According to analysis firm GlobalData, insurers in the UK’s small and medium-sized enterprises (SMEs) market are being held back by a failure to engage properly with sole traders.
In a new report, GlobalData notes that while the market registered growth of 3.6 per cent in 2017, it has generally remained flat in recent years, and insurance penetration rates are declining. There is therefore a high level of competition within the market, and insurers will only be able to differentiate themselves successfully if they more effectively engage with smaller micro businesses, particularly those operating as sole traders.
Ben Carey-Evans, Insurance Analyst at GlobalData, described the trend as ‘worrying’: “The majority of new business fall into this [micro] size category. If insurers want to expand their portfolios, they have to target this group successfully with cheap and easy-to-understand policies.”
In 2018, according to GlobalData’s research, insurance penetration rates among sole traders saw a double-digit percentage point decline – considering the fact that 2017 saw the number of micro businesses in the UK rise by 200,000 and the number of sole traders grow by 155,500, this is a considerable niche. However, these sorts of businesses will most likely be less well informed about the types of insurance coverage from which they would benefit, making it incumbent upon insurers to seek out and educate them.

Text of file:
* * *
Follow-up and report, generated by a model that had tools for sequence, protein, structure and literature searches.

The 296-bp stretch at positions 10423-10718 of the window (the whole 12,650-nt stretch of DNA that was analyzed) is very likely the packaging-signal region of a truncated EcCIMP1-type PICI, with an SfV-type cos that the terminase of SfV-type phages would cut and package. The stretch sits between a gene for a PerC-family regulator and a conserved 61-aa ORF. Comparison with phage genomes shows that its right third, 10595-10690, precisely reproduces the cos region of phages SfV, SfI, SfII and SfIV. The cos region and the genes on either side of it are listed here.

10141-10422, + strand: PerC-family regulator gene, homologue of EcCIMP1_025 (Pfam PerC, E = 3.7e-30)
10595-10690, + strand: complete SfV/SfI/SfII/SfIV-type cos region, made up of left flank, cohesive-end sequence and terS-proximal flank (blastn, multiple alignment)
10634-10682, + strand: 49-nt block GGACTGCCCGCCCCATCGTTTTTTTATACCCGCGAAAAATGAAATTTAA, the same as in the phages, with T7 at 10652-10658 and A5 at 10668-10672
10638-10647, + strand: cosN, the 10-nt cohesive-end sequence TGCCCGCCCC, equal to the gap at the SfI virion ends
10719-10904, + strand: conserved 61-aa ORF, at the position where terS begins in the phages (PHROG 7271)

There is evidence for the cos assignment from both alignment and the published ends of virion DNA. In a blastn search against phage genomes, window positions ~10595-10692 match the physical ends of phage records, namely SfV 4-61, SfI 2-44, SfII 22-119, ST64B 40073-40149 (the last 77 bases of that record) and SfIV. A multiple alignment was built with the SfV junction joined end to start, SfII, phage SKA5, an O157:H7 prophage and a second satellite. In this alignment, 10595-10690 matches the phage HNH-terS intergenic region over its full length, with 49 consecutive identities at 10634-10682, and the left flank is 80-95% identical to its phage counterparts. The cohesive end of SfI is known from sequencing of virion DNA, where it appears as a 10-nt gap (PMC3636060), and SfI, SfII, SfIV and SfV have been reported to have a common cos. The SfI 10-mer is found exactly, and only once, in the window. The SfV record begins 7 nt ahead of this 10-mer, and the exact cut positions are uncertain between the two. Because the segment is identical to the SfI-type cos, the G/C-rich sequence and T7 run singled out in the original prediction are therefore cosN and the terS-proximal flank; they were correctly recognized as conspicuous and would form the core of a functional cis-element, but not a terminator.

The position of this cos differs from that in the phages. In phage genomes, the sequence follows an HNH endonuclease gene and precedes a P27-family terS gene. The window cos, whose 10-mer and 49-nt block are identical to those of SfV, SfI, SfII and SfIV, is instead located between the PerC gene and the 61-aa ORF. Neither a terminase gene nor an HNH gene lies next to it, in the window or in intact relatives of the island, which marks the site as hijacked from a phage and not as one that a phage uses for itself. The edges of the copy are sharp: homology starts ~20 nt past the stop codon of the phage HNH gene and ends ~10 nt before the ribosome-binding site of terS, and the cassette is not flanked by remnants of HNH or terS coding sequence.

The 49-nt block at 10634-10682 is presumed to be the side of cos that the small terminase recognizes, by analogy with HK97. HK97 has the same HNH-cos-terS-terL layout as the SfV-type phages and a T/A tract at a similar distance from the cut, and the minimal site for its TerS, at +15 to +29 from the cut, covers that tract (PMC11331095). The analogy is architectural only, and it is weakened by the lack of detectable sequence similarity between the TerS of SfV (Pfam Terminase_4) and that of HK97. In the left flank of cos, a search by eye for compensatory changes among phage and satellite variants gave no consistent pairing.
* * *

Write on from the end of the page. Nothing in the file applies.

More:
“As many of these sole traders will be entering into new territory, the information they receive is crucial,” said Carey-Evans. “They will receive advice on business bank accounts and tax, for example, but fewer resources are available for insurance. Most sole traders will have transferrable experience in lines such as property and commercial motor from personal lines, so it is the liabilities whose importance that insurers really need to emphasise. They need to explain to sole traders it isn’t just a grudge payment, but something that can save their business a great deal of money.”